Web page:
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10 Of The Most Memorable Tim Burton Characters

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10 Of The Most Memorable Tim Burton Characters

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Tim Burton is one of the most successful and iconic filmmakers today. What sets Burton apart from many other successful filmmakers is that he has his own unique style. You know a Tim Burton film when you see it, whether it’s a stop motion like The Nightmare Before Christmas, or a live action like Beetlejuice.

Burton was raised in Burbank, California and like many of his dark characters, he is known to be reclusive. When he was a kid, he would make his own (very basic) stop motion films in his backyard using an 8mm camera. The earliest known film of Burton’s is The Island of Dr. Agor, which he made when he was 13 years old. It was based on H.G. Wells’ The Island of Doctor Moreau.

The young Burton was also obsessed with Vincent Price, an actor who was known for his comic performances in horror films. Burton would ultimately go on to work with Price twice. The first time was in a six minute black and white stop motion film, where he plays the narrator. The movie is about a boy who wants to be Vincent Price. Price also played The Inventor in Edward Scissorhands.

Before striking out on his own, Burton worked on several Disney productions, including The Fox and The Hound, The Black Cauldron and Tron. Burton and Disney had creative differences, but things clearly worked out for him when he departed. Burton’s ability to create worlds and characters are unlike any other director. Here are 10 of his most memorable characters.

10. Kim (Edward Scissorhands)

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via:www.youtube.com

The character of Kim in Edward Scissorhands (1990) played brilliantly by Winona Ryder, is one of the most memorable Tim Burton characters because she’s not like the rest of his creations. She sticks out. But, in a really positive, beautiful way. Kim is the typical pretty popular high school cheerleader, who doesn’t have the dark, sad quality that most of Burton’s characters have. She even wears white in her most iconic scene in the movie. Kim is important because her gentle, graceful ways make Edward Scissorhands feel almost like a fairy tale. Luckily, they didn’t cast Drew Barrymore, who was originally considered for the role.

9. Betelgeuse (Beetlejuice)

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Beetlejuice! Beetlejuice! Beetlejuice! Betelgeuse is one of the most memorable and funniest characters that Tim Burton ever created. While it was a live action movie, Betelgeuse was so colorful, he was practically a cartoon come alive from his black and white striped suit, to his clown-like makeup and crazy hair. Perfectly played by Michael Keaton, he has said it was the most favorite role he ever played. The funny thing about the titular character is that he doesn’t have that much screen time in the movie, only 17.5 of 92 minutes running time.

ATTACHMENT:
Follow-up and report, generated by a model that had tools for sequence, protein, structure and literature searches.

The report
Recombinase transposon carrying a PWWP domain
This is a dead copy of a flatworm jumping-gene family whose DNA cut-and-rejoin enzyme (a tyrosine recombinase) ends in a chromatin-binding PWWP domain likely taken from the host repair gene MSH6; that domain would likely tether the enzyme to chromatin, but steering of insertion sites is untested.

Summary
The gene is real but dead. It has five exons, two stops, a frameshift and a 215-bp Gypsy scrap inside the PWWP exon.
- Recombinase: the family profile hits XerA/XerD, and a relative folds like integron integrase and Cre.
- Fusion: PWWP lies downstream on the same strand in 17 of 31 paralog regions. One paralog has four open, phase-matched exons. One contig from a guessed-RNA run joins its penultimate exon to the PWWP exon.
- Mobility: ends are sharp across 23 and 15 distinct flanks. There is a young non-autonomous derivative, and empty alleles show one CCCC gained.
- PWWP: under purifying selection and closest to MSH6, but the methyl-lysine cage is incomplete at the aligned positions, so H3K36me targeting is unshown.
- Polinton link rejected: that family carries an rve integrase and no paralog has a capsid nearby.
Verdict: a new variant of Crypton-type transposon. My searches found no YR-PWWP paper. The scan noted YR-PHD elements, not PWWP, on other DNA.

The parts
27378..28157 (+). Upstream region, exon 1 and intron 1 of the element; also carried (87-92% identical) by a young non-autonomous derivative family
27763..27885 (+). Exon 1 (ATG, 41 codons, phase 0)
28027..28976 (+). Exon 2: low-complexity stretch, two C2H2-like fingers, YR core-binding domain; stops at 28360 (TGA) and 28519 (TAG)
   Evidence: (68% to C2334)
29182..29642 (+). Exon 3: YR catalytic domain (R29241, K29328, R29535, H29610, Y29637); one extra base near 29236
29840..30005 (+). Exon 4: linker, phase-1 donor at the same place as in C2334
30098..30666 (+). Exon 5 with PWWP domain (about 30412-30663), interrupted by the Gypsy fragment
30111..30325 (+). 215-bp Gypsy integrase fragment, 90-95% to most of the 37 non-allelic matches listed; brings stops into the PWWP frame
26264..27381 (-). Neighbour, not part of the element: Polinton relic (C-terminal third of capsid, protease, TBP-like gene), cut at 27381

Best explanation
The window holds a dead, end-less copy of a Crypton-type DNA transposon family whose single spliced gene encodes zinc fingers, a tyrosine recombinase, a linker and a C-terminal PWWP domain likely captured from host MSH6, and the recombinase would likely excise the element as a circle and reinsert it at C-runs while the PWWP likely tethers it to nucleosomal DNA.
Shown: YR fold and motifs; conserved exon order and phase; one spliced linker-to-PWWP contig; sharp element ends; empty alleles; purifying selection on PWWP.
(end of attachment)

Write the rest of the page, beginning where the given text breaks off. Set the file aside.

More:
8. Edward Scissorhands (Edward Scissorhands)

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via:xmedia.ex.ac.uk

Edward Scissorhands, the titular character in the 1990 film, was an iconic role for Johnny Depp, who played the sad dark, and somewhat mythical character with scissors for hands. Edward’s dangerous hands contrasted the gentle nature of the character that Depp and Burton made truly come to life. An interesting fact about Depp’s character is that in spite of his incredible screen presence and being the titular character, he only says a mere 160 words throughout the entire film. It’s Edward’s look and how he changes the world of the family that makes this character so memorable. Strangely, Depp wasn’t originally considered for the role, but of all people, Michael Jackson was.

7. Ed Wood (Ed Wood)

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After Edward Scissorhands, Tim Burton saw the brilliance of Johnny Depp and brought him back for another project, as the titular character in his 1994 classic Ed Wood. It was also Burton’s first R-rated project. Depp has said the character he created had “the blind optimism of Ronald Reagan, the enthusiasm of the Tin Man from The Wizard of Oz and Casey Kasem.” That’s an interesting take on playing a real life person. Depp was so good as Ed Wood, even Wood’s widow, Kathy was impressed and after watching them shoot, she told the cast and crew, “That’s my Eddie.”